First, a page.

However, the project hasn’t taken off. In 2019, Minister of Economy Natia Turnava mentioned at a press conference that nationwide internetisation had been ‘temporarily suspended’ but that the government was ‘actively working’ on the problem. She said that was due to criticisms from the private sector, and that the Ministry was working on a model that would not compete with private business. 

This year, the project was rebranded as Log In Georgia. With the help of the World Bank, $40 million was allocated to provide connections in the regions by 2025. The project’s website states that ‘Internet communication became even more important during the COVID-19 pandemic when the majority switched to the online platforms’. 

Indeed, the pandemic only highlighted an ever-persistent infrastructure and financial problems. To this day, crucial access to the internet is provided by charities.

While talks about ‘Nationwide internetisation’ are still going on, households in remote locations like upper Adjara remain cut-off or with poor connections. Photo: Tamuna Chkareuli/OC Media.

Charte is a project by Educare Georgia that has connected secondary school students to the internet since 2017. Mari Gelashvili, who manages the project, says that since the beginning of the pandemic their work has doubled. 

‘We have provided connections for over 300 families this year and donations have increased, but at the moment we have queues for internet providers to install optical internet, and many people are still waiting’.

The price of internet installation ranges from ₾100–₾160 ($30–$48) from local providers, and monthly packages begin from ₾20 ($6) per month. Charte works mostly with socially vulnerable students who they find through schools and field trips. 

‘However,  we have received requests from many regular families too’, Gelashvili says. 

No changes to the curriculum

The Young Pedagogues Union conducted a study over the first months of the pandemic that showed that teachers were not ready for the challenges to come.

‘Most of the teachers we spoke to stress that there was no timely action from the side of the ministry’, one of their researchers, Khatia Tchanishvili, tells OC Media. ‘Some schools have decided to tackle the problems independently, but the overwhelming majority waited for the ministry’s directives and were disappointed.’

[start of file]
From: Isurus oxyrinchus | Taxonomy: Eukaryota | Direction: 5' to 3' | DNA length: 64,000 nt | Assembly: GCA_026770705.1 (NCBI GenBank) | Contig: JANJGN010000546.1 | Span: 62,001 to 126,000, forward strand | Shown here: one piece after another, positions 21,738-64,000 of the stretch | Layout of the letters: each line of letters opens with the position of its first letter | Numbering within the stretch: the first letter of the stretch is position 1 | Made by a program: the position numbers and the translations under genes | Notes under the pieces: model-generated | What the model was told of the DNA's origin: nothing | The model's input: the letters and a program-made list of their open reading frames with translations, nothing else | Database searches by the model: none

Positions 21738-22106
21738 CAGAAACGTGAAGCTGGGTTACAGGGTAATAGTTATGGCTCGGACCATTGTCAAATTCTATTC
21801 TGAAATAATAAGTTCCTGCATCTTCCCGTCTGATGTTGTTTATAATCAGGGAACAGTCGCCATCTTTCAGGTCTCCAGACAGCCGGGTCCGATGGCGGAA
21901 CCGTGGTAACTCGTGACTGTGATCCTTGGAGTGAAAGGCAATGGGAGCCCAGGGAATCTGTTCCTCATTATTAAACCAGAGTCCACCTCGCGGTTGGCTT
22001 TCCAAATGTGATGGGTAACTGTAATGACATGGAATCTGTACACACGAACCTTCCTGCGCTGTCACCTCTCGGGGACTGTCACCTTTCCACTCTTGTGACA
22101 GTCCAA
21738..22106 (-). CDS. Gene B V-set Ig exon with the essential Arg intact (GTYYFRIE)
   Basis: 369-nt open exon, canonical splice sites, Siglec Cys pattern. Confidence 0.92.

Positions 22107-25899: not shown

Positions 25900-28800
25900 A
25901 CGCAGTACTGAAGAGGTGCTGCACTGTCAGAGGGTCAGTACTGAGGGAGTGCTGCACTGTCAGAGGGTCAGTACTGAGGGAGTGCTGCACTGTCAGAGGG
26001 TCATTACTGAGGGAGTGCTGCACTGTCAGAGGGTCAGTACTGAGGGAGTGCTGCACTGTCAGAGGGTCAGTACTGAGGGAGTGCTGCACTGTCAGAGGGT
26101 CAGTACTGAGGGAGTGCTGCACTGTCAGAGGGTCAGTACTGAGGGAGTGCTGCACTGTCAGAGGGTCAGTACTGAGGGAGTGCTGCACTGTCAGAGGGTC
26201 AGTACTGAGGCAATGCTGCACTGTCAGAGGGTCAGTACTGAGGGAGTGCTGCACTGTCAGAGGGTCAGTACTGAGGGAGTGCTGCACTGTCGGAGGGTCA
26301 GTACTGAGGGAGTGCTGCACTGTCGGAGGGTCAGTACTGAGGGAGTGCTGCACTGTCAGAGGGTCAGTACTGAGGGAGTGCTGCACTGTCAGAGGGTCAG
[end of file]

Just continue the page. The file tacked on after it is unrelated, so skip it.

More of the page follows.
Teachers coped by creating Facebook Messenger groups, but in this way, only seven students could attend the class. 

The research showed that online classes caused difficulty for families with many children too, as the lessons overlapped and families often had only one computer or phone. 

Khatia says that many teachers tried to work with the government’s regional educational resource centres to help organise their work routine. 

‘The position of the ministry was that all students should join the learning process by any possible means. Teachers reported that even though they tried their best, they couldn’t cover the national curriculum.’ 

A spokesperson for the ministry told OC Media that there had been no change to the curriculum as there was no need for this.

‘The national curriculum is only a framework of goals, and it is up to teachers how they lead their students to achieve them. The schools were recommended to plan the study process with complex and diverse tasks for students, which becomes especially relevant in online education.’

‘These types of tasks envision independent work for students with constant feedback from the teacher, which can happen both during online lessons and with additional consultation hours.’

Schools are currently scheduled to operate fully online in all major cities of Georgia and the entire Adjara region until at least 25 November.

This article was prepared with support from the Friedrich-Ebert-Stiftung (FES) Regional Office in the South Caucasus. All opinions expressed are the author’s alone, and do not necessarily reflect the views of FES.